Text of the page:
More than a historical footnote, this event serves as a point of reflection into the present as African-American residents of the city claim to still be living under the cane of Preston Brooks – their concerns ignored and their lives discounted (Loder 2006). Decades of perceived neglect - to neighborhoods, infrastructure and health concerns – have led to accusations of racism intertwined with small town politics. In a city literally divided by train tracks, there seemingly exist two very different dominating, and often competing, worldviews.
While these claims are made in many ways, none seems to be more fitting for inspection than those surrounding the use of, and later abandonment of, the Hernando County Public Works site located in the South Brooksville neighborhood of Mitchell Heights. Purchased for a single dollar in 1955, this five acre site in South Brooksville was used for over 30 years as the countyŐs public works compound, housing diesel, gasoline, asphalt, kerosene, pesticides, paints and solvents on the property (Loder 2006). The countyŐs fleet refilling, road repair and mosquito control all operated on the small plot long Martin Luther King Jr Blvd. (Formerly Summit Ave) in residential Mitchell Heights (Loder 2006).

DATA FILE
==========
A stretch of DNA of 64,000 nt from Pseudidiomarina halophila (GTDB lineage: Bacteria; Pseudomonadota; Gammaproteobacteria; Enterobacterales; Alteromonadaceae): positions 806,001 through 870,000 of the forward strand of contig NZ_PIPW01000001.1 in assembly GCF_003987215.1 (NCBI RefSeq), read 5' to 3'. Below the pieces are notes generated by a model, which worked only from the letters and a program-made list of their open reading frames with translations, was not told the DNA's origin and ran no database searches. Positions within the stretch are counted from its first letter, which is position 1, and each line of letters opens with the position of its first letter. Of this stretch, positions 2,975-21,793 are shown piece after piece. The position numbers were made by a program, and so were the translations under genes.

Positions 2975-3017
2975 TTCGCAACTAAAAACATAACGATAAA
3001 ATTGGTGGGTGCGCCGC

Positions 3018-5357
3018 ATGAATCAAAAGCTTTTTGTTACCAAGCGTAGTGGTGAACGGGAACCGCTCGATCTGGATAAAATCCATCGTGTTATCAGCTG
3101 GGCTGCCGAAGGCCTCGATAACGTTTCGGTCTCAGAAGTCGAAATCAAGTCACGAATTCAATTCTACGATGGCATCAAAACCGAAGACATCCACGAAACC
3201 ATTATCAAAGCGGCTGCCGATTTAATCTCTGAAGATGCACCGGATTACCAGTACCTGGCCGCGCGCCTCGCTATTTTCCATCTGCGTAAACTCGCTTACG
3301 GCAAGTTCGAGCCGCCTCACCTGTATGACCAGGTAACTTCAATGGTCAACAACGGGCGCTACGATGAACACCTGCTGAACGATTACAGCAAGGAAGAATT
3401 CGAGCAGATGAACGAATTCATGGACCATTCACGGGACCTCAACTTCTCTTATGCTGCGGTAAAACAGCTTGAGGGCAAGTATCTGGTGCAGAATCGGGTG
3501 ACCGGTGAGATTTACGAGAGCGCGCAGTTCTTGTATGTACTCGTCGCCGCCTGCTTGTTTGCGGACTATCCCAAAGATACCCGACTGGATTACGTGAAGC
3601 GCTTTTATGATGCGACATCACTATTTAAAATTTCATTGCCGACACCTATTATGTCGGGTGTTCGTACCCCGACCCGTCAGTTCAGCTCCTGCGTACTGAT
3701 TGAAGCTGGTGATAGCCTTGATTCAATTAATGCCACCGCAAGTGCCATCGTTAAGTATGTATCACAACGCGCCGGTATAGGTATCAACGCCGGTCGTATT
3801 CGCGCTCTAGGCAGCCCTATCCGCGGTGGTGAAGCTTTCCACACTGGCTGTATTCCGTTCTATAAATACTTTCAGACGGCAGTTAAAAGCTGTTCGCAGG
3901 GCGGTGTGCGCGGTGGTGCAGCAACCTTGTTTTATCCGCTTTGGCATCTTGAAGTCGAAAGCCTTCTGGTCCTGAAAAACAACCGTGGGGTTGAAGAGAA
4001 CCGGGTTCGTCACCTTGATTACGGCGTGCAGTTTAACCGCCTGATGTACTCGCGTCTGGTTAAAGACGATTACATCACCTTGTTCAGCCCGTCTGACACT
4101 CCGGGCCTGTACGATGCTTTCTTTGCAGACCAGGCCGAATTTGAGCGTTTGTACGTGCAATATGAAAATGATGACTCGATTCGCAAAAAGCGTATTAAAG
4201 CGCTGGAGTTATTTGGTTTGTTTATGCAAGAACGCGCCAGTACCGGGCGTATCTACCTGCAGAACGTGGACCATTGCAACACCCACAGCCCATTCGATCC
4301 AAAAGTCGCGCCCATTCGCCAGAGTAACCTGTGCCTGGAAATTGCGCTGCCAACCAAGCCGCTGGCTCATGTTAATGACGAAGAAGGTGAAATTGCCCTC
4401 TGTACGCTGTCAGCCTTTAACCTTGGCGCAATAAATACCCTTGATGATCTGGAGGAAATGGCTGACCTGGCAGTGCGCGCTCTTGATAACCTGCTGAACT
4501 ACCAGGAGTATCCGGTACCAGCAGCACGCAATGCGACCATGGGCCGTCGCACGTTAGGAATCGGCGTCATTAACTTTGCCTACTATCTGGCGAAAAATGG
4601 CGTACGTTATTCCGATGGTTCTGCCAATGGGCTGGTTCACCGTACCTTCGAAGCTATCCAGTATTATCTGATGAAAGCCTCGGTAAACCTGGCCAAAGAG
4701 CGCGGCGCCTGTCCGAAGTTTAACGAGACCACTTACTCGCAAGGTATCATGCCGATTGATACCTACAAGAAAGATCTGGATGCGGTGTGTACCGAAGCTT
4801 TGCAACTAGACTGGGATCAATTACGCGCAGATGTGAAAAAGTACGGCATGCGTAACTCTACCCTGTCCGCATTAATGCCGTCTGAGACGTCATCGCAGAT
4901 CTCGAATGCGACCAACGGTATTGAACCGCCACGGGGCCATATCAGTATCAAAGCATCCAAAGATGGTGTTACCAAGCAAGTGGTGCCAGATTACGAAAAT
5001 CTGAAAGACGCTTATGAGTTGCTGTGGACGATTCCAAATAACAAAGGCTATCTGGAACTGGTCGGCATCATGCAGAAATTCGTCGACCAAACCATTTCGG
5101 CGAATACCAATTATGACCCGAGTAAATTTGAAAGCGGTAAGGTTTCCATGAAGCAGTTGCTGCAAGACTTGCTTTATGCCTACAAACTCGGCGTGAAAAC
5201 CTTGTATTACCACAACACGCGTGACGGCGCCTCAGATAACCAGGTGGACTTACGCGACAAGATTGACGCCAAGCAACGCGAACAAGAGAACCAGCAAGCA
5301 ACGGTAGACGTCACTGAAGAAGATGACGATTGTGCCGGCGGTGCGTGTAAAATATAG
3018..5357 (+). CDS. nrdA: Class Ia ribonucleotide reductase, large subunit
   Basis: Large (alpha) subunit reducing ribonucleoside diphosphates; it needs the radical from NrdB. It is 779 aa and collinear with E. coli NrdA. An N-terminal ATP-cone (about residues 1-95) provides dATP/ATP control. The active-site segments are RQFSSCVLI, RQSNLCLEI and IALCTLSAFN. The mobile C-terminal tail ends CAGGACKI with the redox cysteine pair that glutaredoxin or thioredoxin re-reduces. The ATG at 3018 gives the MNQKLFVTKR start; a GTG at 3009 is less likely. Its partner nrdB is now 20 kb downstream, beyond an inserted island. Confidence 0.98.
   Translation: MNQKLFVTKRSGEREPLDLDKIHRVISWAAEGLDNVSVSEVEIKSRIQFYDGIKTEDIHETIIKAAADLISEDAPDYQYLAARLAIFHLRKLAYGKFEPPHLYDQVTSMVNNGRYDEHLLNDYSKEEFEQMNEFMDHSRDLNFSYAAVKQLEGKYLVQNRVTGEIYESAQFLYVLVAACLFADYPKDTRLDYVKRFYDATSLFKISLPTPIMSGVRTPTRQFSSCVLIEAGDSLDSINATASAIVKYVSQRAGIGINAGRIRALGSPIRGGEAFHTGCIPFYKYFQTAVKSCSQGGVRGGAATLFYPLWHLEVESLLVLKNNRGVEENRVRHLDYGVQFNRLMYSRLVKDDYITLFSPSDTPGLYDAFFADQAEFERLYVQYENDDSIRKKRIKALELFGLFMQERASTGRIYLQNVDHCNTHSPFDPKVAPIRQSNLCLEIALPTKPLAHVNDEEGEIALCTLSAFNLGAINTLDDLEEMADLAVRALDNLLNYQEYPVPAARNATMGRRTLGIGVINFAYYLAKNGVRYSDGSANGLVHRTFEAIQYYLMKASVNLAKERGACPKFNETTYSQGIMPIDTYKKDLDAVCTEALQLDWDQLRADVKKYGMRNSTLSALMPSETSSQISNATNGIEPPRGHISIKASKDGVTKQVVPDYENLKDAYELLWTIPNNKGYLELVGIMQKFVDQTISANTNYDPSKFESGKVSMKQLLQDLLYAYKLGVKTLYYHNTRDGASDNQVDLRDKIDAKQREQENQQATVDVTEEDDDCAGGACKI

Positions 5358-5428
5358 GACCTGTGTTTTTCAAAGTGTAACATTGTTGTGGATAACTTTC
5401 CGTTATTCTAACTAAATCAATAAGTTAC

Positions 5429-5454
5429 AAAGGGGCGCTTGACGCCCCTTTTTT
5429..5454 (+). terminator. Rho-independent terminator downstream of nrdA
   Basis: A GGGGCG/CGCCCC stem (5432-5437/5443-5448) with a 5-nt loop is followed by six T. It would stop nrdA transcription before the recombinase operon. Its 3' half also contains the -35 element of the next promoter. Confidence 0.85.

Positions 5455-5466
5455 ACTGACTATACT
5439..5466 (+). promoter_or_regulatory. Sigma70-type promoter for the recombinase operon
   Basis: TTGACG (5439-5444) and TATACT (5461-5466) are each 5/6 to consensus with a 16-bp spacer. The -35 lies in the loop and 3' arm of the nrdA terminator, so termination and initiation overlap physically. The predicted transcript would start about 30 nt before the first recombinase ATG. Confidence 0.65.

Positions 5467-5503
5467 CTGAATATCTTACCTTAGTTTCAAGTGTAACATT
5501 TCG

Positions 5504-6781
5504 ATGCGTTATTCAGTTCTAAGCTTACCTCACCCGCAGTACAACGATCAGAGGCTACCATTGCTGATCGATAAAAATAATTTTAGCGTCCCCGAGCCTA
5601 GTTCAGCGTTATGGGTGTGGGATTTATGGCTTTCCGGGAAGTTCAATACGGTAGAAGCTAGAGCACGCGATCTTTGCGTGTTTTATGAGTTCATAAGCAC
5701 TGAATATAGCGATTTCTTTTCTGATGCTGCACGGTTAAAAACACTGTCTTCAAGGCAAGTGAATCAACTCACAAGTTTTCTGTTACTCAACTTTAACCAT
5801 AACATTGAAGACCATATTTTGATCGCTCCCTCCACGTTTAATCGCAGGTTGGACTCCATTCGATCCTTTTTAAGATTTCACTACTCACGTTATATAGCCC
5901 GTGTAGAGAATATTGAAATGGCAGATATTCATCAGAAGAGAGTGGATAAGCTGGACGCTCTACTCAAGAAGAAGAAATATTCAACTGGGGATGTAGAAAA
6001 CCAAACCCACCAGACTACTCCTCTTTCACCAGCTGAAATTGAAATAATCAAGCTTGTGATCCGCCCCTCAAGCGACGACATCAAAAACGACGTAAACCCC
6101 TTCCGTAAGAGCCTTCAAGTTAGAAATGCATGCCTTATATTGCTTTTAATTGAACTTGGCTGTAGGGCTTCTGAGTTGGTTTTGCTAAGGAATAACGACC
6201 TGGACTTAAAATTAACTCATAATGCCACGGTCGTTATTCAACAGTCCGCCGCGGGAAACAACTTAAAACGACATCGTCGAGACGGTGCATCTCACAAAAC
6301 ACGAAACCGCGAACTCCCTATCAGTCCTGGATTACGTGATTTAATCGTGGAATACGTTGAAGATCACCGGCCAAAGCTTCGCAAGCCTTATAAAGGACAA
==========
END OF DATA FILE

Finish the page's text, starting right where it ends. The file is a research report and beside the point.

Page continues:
With a sloping landscape that runs toward the homes along A Street, stormwater runs across the site into residentŐs backyards. Reports of spilled chemicals, open hazardous containers, employees rinsing off diesel soaked trucks and streams of sludge are all parts of the experienced lives in this blue-collar neighborhood (Loder 2006). For example, one weekend, backyards were covered in black sludge after someone left open a spigot on a tank of tar emulsion (Loder 2006).
Residents of Mitchell Heights have reported health issues such as cancer, respiratory irritation, skin rashes, asthma and headaches (Loder 2006). They attribute these illnesses to the environmental contamination documented at the former DPW site - among other commercial properties in the area - along with the lack of urgency in the site cleanup by governmental officials (Loder 2006).
Since the county moved its DPW site in 2003, the compound, and the environmental hazards have been well documented while clean up has been slow to move forward (Behrendt 2010). Missed deadlines and broken promises dot the historical narrative. The county has blamed misplaced paperwork and miscommunication as to why the site has remained contaminated (Loder 2006). Some residents have claimed that governmental inaction is due to the predominately African-American make-up of the residents of Mitchell Heights as well